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Information about Hand Hygiene
2014 STOP! Clean Your Hands Day
STOP! Clean Your Hands Day (May 5, 2014) is a one-day campaign promoting hand hygiene in healthcare organizations across Canada. If you haven't already, register today and demonstrate your commitment to hand hygiene excellence.
What's Your Hand In It?
How does your organization keep on top of it's hand hygiene game? Submit your idea for a chance to present before our judges and showcase your success across the country in our "Dragon's Den" inspired contest. This year, we're offering electronic packages with tools and resources to all registrants to promote and celebrate STOP! Clean Your Hands Day.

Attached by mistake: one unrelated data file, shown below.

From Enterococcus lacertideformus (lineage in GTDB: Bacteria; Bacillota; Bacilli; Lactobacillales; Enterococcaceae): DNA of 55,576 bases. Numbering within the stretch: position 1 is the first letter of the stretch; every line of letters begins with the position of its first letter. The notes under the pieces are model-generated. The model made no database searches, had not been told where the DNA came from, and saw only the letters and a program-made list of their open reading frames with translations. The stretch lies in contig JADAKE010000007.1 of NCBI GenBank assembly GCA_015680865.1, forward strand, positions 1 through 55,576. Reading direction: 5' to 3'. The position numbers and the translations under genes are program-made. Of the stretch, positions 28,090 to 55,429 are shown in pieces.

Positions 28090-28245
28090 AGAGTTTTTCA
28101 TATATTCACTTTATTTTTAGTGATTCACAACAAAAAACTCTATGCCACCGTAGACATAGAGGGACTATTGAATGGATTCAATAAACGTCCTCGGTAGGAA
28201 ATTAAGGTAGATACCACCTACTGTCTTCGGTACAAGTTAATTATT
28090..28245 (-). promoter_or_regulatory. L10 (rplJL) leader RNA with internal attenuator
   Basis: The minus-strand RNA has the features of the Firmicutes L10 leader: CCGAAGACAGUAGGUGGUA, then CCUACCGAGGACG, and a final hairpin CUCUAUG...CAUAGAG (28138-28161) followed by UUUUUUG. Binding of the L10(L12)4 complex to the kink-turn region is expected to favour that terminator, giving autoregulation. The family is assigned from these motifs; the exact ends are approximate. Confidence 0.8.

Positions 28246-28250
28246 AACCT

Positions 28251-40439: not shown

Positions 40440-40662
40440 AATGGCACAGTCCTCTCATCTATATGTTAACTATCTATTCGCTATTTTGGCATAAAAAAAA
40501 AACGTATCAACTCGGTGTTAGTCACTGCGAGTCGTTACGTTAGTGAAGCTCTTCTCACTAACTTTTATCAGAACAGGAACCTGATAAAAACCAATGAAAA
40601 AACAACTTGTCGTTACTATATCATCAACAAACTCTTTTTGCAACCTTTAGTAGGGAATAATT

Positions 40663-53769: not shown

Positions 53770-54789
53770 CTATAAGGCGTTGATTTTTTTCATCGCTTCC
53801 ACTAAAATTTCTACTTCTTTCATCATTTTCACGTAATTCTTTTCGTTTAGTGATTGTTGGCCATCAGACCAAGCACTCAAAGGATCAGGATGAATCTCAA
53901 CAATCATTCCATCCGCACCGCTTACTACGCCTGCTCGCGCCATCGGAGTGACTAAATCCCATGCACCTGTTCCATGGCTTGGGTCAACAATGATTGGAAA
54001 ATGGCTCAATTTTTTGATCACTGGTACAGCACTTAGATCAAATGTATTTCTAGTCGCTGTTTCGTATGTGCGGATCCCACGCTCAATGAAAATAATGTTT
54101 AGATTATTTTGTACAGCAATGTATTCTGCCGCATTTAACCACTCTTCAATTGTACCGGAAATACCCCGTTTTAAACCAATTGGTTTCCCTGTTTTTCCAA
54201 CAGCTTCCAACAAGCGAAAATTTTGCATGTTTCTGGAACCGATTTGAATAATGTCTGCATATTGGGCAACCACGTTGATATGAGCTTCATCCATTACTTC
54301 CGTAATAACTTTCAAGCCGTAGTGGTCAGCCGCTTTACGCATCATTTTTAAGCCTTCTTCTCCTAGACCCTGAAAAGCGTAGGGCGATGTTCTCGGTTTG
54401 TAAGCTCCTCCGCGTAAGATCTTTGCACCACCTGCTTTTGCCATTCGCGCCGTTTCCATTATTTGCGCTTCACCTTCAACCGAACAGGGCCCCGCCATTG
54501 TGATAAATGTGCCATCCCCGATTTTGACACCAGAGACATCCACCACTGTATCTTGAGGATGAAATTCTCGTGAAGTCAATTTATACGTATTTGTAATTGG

Some of the tools you will receive include:
Click here to visit our new, easier to navigate online store if you'd still like to order physical materials.
Canadian Hand Hygiene Audit
When registering for STOP! Clean Your Hands Day, don't forget to indicate your interest in the Canadian Hand Hygiene Audit. With your support, we'll be able to establish a national perspective on hand hygiene practices. The audit will be conducted during the month of April using the Patient Safety Metrics data collection tool.
Learn more at our next webinar on March 26. Click here to see the entire webinar series schedule.
Why is hand hygiene important?